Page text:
Before one can begin to fill their vehicle up with one of the many different types of gasoline currently available on the market, they must carefully choose and select the appropriate quality of fuel, or “grade,” that their car requires. Usually, this information is readily available in a vehicle’s owner’s manual, but in the case that it is not, the next appropriate action to take would be to contact the nearest dealer of the same company in which the car was manufactured to ensure the quality of a safe, smooth ride in their car.

Table 1.1 below shows some of the most popular types of gasoline provided at most gas stations nationwide. Note that additional types of gasoline may also be required by your vehicle that is not listed in Table 1.1.


Octane Rating







Table 1.1

Upon selecting the appropriate type of gasoline required by their car, the next step would be to hop in the driver’s seat and proceed to the gas station. Prior to pulling up at the pump, one should take note of the side of their car that their gas cap is on. This is important because the side of your car that has the gas cap on it must be closed to the pump, as well as parallel in order to ensure the success of a simple and fast pumping procedure. Note that most American cars have gas caps on the driver’s side of the car while some foreign cars have their gas caps on the passenger’s side.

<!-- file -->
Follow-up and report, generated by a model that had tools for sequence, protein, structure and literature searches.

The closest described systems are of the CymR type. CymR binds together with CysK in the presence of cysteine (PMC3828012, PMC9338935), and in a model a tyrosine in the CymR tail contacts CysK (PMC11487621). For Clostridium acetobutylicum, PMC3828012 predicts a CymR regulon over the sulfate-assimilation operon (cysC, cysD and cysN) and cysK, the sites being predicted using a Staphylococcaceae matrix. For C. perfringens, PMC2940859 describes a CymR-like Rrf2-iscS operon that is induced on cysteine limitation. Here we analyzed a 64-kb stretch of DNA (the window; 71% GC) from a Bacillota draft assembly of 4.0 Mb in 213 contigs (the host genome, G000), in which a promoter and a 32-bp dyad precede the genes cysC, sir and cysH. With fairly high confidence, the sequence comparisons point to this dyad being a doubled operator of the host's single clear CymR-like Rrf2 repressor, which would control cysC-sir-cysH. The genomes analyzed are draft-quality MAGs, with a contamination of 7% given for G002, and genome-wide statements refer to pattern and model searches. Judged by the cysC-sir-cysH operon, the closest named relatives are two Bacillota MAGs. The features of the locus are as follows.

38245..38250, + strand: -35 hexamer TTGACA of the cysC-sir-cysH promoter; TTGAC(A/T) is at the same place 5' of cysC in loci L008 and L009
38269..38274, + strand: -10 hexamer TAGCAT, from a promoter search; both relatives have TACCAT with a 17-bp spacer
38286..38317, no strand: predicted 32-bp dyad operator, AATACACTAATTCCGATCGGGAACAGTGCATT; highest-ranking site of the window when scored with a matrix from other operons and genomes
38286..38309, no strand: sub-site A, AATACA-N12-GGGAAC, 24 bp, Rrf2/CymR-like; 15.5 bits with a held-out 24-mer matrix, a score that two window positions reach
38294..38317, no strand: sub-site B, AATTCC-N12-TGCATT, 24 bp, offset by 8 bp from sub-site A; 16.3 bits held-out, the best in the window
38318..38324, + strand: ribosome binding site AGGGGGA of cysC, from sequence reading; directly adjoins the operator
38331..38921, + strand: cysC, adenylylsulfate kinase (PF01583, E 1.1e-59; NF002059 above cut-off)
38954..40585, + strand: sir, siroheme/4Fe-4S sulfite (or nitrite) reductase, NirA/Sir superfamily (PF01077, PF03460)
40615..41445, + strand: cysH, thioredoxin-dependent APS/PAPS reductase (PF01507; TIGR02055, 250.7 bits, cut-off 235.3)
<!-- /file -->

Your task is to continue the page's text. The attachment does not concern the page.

Once you’re parked next to the pump with your gas cap parallel to the nozzle, you should note the pump number usually displayed on the pump itself or directly above it. If you’re paying by cash, this number is extremely important. Upon noting this number, it is now safe to turn off the vehicle and get out of your car.

Below are two methods as to how one can go about purchasing the gasoline required for their car. Note that paying by credit/debit requires a credit/debit card, while paying by cash requires numerous Jacksons or a shiny, new 50-dollar-bill.

Method 1: Paying by Credit/Debit